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Are We the Creators or the Created? The Enigma of Creativity

Are we mere puppets in a grand cosmic play, with every act of creation predestined? Or are we the playwrights, penning a narrative birthed from our own free will? This debate has spanned centuries and continues to intrigue us.

Phil McKinney
Phil McKinney
2 min read
Image of the Earth in Gods hands
Creators or the Created. The Enigma of Creativity

The question of whether we are truly creative or just following God's predetermined path has been a matter of debate for centuries. As a writer, I often wonder if my words are truly a creation of my own or predetermined by God's plan. This paradox of creativity is not limited to writers but applies to all forms of art, music, and innovation. Can I truly credit myself for any invention or creation if everything I do is predetermined?

Let me say upfront. I believe humans are truly creative and have free will, allowing us to choose how and when to apply our creative talents. However, I also acknowledge there is an opposing argument that our actions and creations are predetermined.

Which camp do you fall into?

One argument for creativity being predetermined is the concept of determinism. Determinism is the belief that everything in the universe, including human actions and choices, is predetermined by God. This means that our actions, thoughts, and choices are not truly free but predetermined.

This was clearly demonstrated by Aristotle's view of the universe, where he believed individuals have no control over their lives because everything that happens to them is predetermined by outside forces. Therefore, following this argument, creation, and invention cannot be considered a result of free will.

On the other hand, some believe that creative instincts come from our subconscious mind. This implies that while our conscious mind thinks it is creating something, our subconscious mind is actually doing the heavy lifting and producing something that has already been processed a million times. This means that our creations are influenced by external and internal factors we are unaware of, but it does not necessarily mean that our creations and inventions are predetermined. Subconscious influence may not be a choice, but how we execute or use that influence is solely our decision.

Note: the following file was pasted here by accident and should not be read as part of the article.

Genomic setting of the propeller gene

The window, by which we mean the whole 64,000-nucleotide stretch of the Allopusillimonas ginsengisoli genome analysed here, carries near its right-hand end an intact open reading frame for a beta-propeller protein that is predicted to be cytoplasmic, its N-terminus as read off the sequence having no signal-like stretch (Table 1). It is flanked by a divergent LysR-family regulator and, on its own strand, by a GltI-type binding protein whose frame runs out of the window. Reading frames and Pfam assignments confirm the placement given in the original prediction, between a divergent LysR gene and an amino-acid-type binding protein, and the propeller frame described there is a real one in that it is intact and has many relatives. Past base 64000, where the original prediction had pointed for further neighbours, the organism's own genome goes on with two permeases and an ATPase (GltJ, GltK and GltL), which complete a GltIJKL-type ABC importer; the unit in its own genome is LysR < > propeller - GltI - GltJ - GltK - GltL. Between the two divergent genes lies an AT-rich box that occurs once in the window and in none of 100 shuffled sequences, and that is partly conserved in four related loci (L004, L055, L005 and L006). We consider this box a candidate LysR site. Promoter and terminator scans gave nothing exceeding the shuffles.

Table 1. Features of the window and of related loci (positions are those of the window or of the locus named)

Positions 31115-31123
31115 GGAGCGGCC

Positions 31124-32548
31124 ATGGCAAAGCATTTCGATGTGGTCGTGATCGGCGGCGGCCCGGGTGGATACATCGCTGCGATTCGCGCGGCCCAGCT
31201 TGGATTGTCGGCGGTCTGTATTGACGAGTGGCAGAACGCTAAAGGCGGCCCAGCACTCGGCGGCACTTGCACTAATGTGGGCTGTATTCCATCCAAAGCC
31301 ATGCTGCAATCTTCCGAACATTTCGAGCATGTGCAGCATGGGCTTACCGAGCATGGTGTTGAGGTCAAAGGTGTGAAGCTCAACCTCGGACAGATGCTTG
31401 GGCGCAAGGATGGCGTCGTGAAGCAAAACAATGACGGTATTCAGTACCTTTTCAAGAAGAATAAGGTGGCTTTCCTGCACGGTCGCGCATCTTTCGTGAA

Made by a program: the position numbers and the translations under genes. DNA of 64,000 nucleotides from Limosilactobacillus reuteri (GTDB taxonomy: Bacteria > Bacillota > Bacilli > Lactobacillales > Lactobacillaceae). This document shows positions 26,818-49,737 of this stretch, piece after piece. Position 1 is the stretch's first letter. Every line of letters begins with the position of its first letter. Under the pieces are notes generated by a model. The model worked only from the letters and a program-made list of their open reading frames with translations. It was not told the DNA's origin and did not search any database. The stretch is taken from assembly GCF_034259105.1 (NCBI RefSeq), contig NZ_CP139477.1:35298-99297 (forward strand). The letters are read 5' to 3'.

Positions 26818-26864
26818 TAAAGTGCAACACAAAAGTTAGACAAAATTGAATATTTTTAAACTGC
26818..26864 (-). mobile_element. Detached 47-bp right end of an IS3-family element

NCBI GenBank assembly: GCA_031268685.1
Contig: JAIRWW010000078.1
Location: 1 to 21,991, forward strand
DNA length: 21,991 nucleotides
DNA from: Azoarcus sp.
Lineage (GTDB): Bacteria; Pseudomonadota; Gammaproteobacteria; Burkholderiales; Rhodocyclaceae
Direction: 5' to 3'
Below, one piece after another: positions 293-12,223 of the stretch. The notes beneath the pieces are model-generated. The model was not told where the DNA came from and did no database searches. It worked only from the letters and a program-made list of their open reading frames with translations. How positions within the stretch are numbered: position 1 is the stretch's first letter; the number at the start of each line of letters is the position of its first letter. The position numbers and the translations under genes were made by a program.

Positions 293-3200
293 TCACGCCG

Another argument for creativity stemming from free will is that humans can break patterns and create new thoughts and ideas that have never been thought of before. This is evident throughout history, where humans have continuously created progress and inventions that have revolutionized the world. Although these inventions may have stemmed from subconscious influence, the way they were executed was unique and influenced by individual free will. The capacity for humans to break from tradition and venture into the unknown is proof of human creativity and free will.

Moreover, more recent psychological research has suggested that humans' creative capacity is most effective when familiar thoughts and concepts are taken together and reimagined and transformed into something new. This highlights that creativity is not just the result of predetermined thoughts but rather the ability to connect and reimagine existing concepts in new and creative ways.

Lastly, we must acknowledge uncertainty as a critical element in creation and invention. Uncertainty is an essential aspect of creativity because if the final result weren't uncertain, it would mean that creative instincts are predetermined or planned. However, creativity thrives on uncertainty and not knowing the final outcome. It allows us to use our free will to determine the final outcome.

In the grand theatre of creativity, we may be both the composers and the composed, driven by invisible forces yet wielding the power to shape unforeseen innovations.

Creativity, a manifestation of our free will or a predetermined path shaped by subconscious and external influences? This paradox of creativity stirs debate, with determinism arguing for predestination and the subconscious mind theory suggesting an underlying influence. Yet, the ability to form novel thoughts, reimagine existing concepts and navigate the uncertainty of outcomes evidence free-will-driven creativity.

This leaves us in a tantalizing conundrum - Is creativity a predetermined voyage or a journey we chart through our free will?

creativeGodpredetermismfree will

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Phil McKinney is an innovator, podcaster, author, and speaker. He is the retired CTO of HP. Phil's book, Beyond The Obvious, shares his expertise and lessons learned on innovation and creativity.


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